Then we met back up for a drive out – Saw many impalas, a few warthogs, an African eagle and some hippos playing in a lake. Next, stopped for a sundowner drink of Amarula Liquor which is a cream liqueur from South Africa. It is made with sugar, cream and the fruit of the African marula tree. Then it was dark and we drove back with a spotlight on to try to see night animals. We did see two hyenas finally. It was cold! We all called it a night after dinner since we had a 5:30 a.m. wakeup call. We were given a hot water bottle (which they called a bush baby) to keep us warm. Since it was dark you must be escorted to your room by a person with a rifle and a flashlight. That night I heard some animal making strange sounds out there. The camp is completely open so animals can walk through at any time – hence the people walking you to your room when it is dark with the rifle. If it’s light out you can walk to the lodge yourself – It’s only about 75 feet away. Just be sure to give a good look!
The animal noises I heard at night were hyenas fighting. WOW. Such a strange noise. We left around 6:30 a.m. where one of our first sightings was A LEOPARD!!! OMG what a gorgeous creature. Simply amazing. He was perched on top of a termite pile and stayed there for at least five minutes while we were all trying to take pics and get a closer look with the binoculars. Just look at this beautiful creature.
So now we’ve seen three of the Big Five – c’mon lions and rhinos! We went back for lunch and headed out after that for some more sightings where we saw zebras, giraffes, warthogs, steenboks (they are so cute), hyenas and near the end we stopped to take a picture of the sunset and there was a HUGE baboon in a tree with lots of baboon family around. After about ten minutes they started heading down the hill towards us – we were outside of the jeep taking pics of the sunset!!! We quickly made our way back to the Jeeps and watched them move from the hill to the other side where it was higher and rockier. Really cool to see the whole family progression. Do you see the big guy in the tree? And some of the family too his right and the ground.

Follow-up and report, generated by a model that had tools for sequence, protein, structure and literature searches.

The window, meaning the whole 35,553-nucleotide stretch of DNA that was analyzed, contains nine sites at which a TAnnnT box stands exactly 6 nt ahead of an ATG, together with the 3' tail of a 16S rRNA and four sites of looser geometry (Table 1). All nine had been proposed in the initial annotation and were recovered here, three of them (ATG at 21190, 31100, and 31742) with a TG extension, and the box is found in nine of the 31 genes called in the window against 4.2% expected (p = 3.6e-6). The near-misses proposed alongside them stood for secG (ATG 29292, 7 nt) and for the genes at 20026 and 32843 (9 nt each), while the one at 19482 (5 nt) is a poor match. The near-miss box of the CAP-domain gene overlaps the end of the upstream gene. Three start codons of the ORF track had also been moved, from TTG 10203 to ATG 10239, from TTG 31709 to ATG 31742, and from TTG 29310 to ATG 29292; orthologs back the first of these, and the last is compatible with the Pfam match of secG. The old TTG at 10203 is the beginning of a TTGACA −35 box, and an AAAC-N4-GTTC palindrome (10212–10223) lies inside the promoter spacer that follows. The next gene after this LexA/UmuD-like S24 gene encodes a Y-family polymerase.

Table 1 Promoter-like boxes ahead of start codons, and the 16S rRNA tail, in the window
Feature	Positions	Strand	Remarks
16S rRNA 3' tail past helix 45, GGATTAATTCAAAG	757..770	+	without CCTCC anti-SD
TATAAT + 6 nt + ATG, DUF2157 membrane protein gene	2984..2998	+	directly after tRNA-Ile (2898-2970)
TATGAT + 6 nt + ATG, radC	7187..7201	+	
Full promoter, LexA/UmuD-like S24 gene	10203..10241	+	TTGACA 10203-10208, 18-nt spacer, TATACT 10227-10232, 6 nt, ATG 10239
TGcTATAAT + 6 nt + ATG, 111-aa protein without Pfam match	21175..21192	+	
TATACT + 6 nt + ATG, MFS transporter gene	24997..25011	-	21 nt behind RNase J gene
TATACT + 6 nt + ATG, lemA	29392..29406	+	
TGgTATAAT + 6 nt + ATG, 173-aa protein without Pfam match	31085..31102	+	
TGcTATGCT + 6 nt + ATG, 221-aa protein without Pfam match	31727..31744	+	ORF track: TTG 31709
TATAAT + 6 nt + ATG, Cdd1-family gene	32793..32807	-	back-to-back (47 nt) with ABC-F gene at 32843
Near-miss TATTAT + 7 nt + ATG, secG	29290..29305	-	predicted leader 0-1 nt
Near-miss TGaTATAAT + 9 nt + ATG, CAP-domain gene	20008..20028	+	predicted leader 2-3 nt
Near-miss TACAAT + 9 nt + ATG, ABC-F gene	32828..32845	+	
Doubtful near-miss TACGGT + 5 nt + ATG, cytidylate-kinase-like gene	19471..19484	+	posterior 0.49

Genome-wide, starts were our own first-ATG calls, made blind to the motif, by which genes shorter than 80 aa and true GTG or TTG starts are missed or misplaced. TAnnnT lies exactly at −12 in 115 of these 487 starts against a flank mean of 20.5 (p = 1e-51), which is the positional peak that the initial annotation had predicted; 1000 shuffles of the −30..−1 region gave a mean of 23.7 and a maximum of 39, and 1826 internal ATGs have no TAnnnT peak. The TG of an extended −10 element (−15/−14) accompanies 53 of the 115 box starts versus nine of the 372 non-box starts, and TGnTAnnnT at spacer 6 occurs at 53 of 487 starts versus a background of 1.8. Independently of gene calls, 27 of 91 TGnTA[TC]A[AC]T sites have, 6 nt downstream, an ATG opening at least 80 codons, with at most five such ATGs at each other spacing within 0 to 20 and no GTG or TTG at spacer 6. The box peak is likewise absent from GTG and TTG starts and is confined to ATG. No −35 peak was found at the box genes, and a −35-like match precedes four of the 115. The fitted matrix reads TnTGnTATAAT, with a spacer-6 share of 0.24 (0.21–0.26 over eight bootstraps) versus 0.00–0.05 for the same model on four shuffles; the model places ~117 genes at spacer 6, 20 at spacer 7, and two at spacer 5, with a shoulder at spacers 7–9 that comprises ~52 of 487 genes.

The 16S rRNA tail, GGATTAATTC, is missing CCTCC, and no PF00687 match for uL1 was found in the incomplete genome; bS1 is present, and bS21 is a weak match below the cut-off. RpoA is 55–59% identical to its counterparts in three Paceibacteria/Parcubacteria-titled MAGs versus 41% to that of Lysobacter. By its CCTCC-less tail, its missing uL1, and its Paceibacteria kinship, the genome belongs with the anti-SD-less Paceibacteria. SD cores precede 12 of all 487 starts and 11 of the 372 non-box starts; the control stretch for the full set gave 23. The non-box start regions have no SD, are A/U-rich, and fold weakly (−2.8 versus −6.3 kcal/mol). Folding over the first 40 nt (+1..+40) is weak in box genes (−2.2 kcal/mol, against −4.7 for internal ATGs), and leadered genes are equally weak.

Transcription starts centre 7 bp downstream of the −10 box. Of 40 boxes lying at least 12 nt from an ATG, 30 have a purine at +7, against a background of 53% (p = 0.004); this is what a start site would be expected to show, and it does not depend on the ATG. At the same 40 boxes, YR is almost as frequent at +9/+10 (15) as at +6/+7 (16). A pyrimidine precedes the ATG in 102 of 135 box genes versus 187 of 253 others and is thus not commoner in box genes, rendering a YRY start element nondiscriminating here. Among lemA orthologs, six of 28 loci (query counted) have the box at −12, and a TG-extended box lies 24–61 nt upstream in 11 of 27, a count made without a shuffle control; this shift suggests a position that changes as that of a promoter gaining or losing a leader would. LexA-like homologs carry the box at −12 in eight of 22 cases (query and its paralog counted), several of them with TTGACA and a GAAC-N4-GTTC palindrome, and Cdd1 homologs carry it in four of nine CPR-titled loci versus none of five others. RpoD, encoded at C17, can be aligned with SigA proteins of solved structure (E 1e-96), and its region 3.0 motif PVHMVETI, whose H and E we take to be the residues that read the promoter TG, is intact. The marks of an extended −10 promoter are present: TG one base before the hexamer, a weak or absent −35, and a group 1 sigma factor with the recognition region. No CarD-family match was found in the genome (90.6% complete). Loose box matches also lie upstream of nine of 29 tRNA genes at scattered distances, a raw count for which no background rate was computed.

The national park is home to 147 species of land mammals—the highest number in Africa—including all of the “Big Five” (lion, elephant, Cape buffalo, leopard, and rhinoceros). Thousands of zebra roam Kruger as well, but no species can keep up with the impala, which number more than a million here. On this day the park was having a few free to the public days so the park was a bit busier than normal but the cars needed to be out of the camp by sundown. We were driving around 6:00 pm and there were cars driving by us so fast. Why? They needed to leave! It was almost sundown and they were going to be fined. But as karma has it a huge pack of buffalo were crossing the road and just stood there. They were not going to move out of the road so they were definitely going to be late.